AWS, Microsoft lead the charge in data center sustainability

Google, Microsoft, Facebook, Amazon and Apple are investing in efforts to 'reduce greenhouse gas emissions … and to at least match electricity consumption with renewable energy,' says Omdia's Dr. Moises Levy.

Kelsey Kusterer Ziser

February 23, 2023

3 Min Read
Microsoft CEO Satya Nadella
Stephen Brashear, Getty Images

The transportation sector's carbon footprint has overshadowed the environmental impact of the built environment recently – here's looking at you, Tesla. However, the tide may be turning as the telecom industry increasingly focuses on going green, particularly when it comes to data center sustainability.

Specifically, hyperscalers such as Amazon Web Services (AWS) and Microsoft are leading the way in renewable energy projects to support their data center operations. More on that later.

The state of data center sustainability

In a warming world, the good news is that data center energy consumption has remained relatively flat over the past few years, hovering at around 1% to 1.5%, and "almost flat compared to the global energy consumption," says Moises Levy, Ph.D., a senior principal analyst at Omdia. He leads data center power and cooling research and is part of the group's cloud and data center research practice.

However, with more organizations reliant on cloud applications and services, data centers are tasked with balancing workload demand with energy efficiency.

"This fear of runaway data center growth is not a new fear," says Lucas Beran, principal analyst at Dell'Oro Group, who notes that the US Department of Energy released a study in the early 2000s warning about the potential environmental impact of data centers if they did not become more efficient.

Related:Data Center Sustainability: Green Solutions for the Future

"Data centers are one of the most energy-intensive building types, consuming 10 to 50 times the energy per floor space of a typical commercial office building," according to the Department of Energy.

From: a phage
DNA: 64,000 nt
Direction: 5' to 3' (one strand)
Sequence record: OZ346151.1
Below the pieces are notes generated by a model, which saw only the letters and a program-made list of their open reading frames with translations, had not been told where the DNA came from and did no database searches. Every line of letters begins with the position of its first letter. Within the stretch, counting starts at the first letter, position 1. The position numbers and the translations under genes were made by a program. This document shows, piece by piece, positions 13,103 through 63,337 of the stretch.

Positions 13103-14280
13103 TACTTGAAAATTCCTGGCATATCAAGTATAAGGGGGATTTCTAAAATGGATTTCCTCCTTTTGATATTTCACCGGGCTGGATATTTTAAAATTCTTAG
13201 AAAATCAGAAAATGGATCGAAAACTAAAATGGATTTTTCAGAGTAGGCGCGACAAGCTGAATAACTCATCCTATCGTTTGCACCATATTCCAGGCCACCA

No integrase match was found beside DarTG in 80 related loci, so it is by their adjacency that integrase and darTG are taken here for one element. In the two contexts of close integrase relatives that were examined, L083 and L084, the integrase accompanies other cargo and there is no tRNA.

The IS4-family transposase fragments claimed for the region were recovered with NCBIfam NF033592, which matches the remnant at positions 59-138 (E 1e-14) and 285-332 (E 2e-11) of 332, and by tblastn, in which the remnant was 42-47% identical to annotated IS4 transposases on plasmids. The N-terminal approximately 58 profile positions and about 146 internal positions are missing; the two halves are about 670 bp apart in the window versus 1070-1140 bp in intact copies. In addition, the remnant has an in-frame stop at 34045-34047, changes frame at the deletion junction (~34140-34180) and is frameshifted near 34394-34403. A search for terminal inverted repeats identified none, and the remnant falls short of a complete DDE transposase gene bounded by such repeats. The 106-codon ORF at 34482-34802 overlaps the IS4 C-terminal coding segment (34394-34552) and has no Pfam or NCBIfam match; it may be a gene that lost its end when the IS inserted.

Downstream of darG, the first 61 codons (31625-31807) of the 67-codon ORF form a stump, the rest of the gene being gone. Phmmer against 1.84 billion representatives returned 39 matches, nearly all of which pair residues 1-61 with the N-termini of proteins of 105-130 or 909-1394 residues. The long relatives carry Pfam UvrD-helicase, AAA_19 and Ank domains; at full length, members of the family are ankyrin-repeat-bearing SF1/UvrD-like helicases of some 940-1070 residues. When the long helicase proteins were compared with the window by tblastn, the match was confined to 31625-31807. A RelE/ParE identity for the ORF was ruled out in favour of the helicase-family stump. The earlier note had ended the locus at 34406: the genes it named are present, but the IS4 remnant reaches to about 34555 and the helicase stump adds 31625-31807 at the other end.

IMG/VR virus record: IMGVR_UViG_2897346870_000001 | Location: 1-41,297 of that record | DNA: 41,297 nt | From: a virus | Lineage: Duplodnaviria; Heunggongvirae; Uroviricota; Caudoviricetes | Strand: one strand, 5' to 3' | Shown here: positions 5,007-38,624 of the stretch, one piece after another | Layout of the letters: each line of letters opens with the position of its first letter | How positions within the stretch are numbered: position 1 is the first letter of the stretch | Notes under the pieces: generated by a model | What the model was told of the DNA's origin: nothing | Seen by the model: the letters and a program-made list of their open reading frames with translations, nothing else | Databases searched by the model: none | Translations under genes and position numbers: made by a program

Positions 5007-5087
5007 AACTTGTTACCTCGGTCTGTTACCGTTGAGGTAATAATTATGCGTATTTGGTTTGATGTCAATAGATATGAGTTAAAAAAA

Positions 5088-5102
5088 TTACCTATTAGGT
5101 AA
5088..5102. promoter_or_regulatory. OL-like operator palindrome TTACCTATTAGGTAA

Liquid cooling, more efficient IT equipment, smart and connected equipment, and green building standards are some of the ways data centers are becoming more environmentally friendly, according to Levy.

Liquid cooling is particularly important in the sustainability discussion because thermal management can consume nearly 40% of a data center's energy use, Beran says. Free cooling is also an option in colder climates – what Nordic countries lack in natural resources, they're making up for in tapping renewable energy and lower temperatures to support sustainable data centers.

Levy points to intelligent monitoring and "AI-enabled analytics" as additional ways to reduce data centers' carbon footprint.

Telecom's move to software and the emphasis on virtualization and containerization of data centers have largely absorbed potential energy growth, according to Beran, who analyzes data center physical infrastructure for Dell'Oro.

Related:Industry Pro Explores Renewable Developments and the Future of Data Center Sustainability

Data centers making a change

Data center companies are also looking for ways to safely reduce their cooling temperatures and rely more on renewable energy sources to deliver on their sustainability goals. For example, last December, data center infrastructure company Equinix committed to increasing the operating temperature ranges within over 240 of its data centers, which it said would improve its energy efficiency by 10%.

"Given the volatility in the energy marketplace today, any actions we take to improve energy efficiency in the data center should help with our customers’ cost efficiencies," Equinix tells Light Reading.

Equinix plans to run the data centers at 27°C (80°F) versus the historical operating temperature range at around 23°C (73°F). Currently, several facilities operate closer to 25°C (77°F) without issue, according to the company.

In addition, Startup ECL emerged from stealth mode last month with $7 million in seed funding to support what it claims will be the first hydrogen-powered, off-grid data center.

Read the rest of the story at our sister site, Light Reading. 


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